What Is the Risk of Using Dumbbells?

Dumbbells require a significant amount of coordination and muscular stability

Dumbbells require a significant amount of coordination and muscular stability

When stepping into a weight room, the variety of strength-training equipment is sometimes overwhelming. What some women do not realize is that most equipment is geared toward different goals and levels of fitness, coordination and core stability. For beginners, using dumbbells may pose risks. Without proper form and technique, you could seriously injure your joints and muscles.

Risk From Unrestricted Movement

Dumbbells are a type of free weight. According to the American College of Sports Medicine, using dumbbells increases the risk of injury because movement is not restricted. When you use free weights such as dumbbells, your body is not held in proper alignment by a machine or piece of equipment, your core and stabilizer muscles have to do all of the work. Form and proper technique becomes extremely important when using dumbbells. If proper form is not used during the entire range of motion when using dumbbells, you are more likely to strain, tear or hyperextend a joint or muscle.

Warmup

The most important thing before any exercise regimen is to make sure that you warm up properly. Because a large number of muscles will be used during a dumbbell workout, the risk of injury is increased. However, if you prepare the body correctly, you can help to reduce the risk of injury significantly. Warm up the body for five to 10 minutes to elevate the heart rate. This will get the blood flowing through working muscles and prepare the body for exercise

Proper Form

According to the ACSM, some of the precautions for using dumbbells are ensuring good grip, maintaining stable stance and using proper technique or form. Pick weights up using your legs -- not your back -- in order to avoid back pain and injury. Some accidents occur when a weight falls on a body part; weights falling on the body are mainly caused by improper grip or sweaty hands. Have a secure grip, wear proper attire, lift the proper weight for your ability and always bring a towel to the gym to wipe sweat off of you and your equipment.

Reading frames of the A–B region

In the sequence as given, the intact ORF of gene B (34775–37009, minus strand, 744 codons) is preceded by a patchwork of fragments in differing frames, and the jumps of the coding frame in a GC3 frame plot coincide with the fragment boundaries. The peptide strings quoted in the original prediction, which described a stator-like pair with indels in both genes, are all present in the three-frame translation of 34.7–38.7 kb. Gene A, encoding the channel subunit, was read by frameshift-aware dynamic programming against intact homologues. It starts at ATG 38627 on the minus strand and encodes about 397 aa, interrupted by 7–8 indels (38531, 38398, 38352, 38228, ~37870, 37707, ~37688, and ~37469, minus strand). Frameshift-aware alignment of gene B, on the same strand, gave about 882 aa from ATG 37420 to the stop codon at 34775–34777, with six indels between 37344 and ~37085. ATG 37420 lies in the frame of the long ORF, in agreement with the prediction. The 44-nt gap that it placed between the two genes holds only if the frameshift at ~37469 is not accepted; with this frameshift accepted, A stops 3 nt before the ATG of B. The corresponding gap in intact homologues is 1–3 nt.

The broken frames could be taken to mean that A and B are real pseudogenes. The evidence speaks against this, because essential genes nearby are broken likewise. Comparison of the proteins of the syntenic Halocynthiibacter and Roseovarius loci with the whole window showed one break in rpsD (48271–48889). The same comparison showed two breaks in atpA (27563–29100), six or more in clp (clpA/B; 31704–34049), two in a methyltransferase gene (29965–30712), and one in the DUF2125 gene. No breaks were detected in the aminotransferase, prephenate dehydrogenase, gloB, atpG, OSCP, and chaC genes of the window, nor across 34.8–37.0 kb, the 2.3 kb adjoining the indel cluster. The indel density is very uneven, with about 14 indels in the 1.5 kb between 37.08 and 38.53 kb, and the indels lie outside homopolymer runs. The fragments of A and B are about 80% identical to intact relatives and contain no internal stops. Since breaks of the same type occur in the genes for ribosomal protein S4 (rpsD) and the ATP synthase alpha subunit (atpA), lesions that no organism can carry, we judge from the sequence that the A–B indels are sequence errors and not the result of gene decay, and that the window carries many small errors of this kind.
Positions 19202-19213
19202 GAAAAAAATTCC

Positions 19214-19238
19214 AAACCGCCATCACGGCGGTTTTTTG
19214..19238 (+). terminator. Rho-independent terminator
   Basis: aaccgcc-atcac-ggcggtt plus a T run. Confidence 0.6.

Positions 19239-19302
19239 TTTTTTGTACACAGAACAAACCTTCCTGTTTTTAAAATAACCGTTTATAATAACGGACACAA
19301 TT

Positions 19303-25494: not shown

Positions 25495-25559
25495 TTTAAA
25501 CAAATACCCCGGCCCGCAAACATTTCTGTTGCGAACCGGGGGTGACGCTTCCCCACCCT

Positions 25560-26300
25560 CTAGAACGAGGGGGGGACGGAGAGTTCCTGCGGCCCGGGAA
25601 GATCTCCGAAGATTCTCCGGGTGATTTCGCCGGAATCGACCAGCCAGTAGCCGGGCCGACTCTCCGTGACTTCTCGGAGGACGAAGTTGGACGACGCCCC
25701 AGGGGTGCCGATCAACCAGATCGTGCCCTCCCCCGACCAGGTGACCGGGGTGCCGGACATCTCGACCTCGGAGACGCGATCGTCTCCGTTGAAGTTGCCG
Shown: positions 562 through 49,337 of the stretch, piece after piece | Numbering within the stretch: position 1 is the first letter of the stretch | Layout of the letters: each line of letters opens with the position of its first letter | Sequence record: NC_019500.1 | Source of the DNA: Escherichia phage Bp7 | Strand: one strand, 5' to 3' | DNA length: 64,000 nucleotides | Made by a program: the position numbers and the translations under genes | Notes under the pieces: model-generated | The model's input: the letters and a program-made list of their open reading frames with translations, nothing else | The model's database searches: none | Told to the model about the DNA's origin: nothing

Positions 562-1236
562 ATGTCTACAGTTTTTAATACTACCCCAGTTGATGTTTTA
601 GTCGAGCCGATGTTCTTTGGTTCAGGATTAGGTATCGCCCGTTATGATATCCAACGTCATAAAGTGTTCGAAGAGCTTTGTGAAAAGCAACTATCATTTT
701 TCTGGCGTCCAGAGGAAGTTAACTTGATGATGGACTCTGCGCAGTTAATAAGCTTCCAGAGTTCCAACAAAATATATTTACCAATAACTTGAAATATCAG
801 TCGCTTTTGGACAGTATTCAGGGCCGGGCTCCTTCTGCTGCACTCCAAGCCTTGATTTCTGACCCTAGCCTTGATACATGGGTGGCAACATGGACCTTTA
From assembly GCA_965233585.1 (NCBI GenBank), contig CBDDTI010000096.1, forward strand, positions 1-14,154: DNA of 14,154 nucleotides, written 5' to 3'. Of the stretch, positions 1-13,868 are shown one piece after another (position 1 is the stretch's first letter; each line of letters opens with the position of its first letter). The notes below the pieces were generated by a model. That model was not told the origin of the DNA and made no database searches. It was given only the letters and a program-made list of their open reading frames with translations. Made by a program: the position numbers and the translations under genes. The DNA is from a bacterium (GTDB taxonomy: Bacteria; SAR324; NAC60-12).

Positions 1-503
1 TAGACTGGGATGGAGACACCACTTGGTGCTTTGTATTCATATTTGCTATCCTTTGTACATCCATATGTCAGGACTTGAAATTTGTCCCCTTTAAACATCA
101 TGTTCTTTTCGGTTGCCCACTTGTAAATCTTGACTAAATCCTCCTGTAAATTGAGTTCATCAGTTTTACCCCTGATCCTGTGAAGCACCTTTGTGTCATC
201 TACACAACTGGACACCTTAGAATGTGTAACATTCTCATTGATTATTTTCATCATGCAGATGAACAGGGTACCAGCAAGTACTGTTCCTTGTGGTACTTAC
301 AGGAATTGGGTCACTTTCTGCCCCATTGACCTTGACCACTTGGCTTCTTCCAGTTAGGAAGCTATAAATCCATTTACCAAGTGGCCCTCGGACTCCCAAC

Hyperextension Of Joints

Hyperextension of the joints during exercise always needs to be taken into consideration, especially when you are using dumbbells. Hyperextension is an extension of a limb past its normal limits. During exercise, your goal should always be to do full-body, full range of motion exercises -- which is different from hyperextension. Full range of motion is the full movement potential of a joint, usually its range of flexion and extension. Performing full range of motion helps ensure that your entire muscle is strengthened and helps reduce the risk of injury in our daily lives. However, hyperextension is an excessive extension of your joint during lifting. Hyperextending joints, especially the elbow, is a common injury with the use of dumbbells. Be sure that your joints stay slightly bent and are never locked out or hyperextended.

Guidelines For Prevention

It is always a smart idea to use the buddy system when you are going to use dumbbells or barbells in your workout. Dumbbell exercises can be dangerous and a spotter is always recommended. Spotters can help with form correction, set completion, and injury prevention. It is also recommended not to lift too much weigh with dumbbells. Dumbbells require a lot of core stabilization. Using extremely heavy weight with dumbbells can greatly increase the risk of tearing, straining, or hyperextending a muscle. If you intend to do a heavy lifting day, using a squat-rack with a spotter or hammer strength machines with a spotter are better options.

 

About the Author

Sadie McGowan has a master's degree in kinesiology and a Bachelor of Arts in fitness management and K-12 physical education/health/coaching. She has worked in the fitness industry since 2005, serving as a personal trainer and group fitness instructor. McGowan is currently an assistant associate professor and a fitness specialist.

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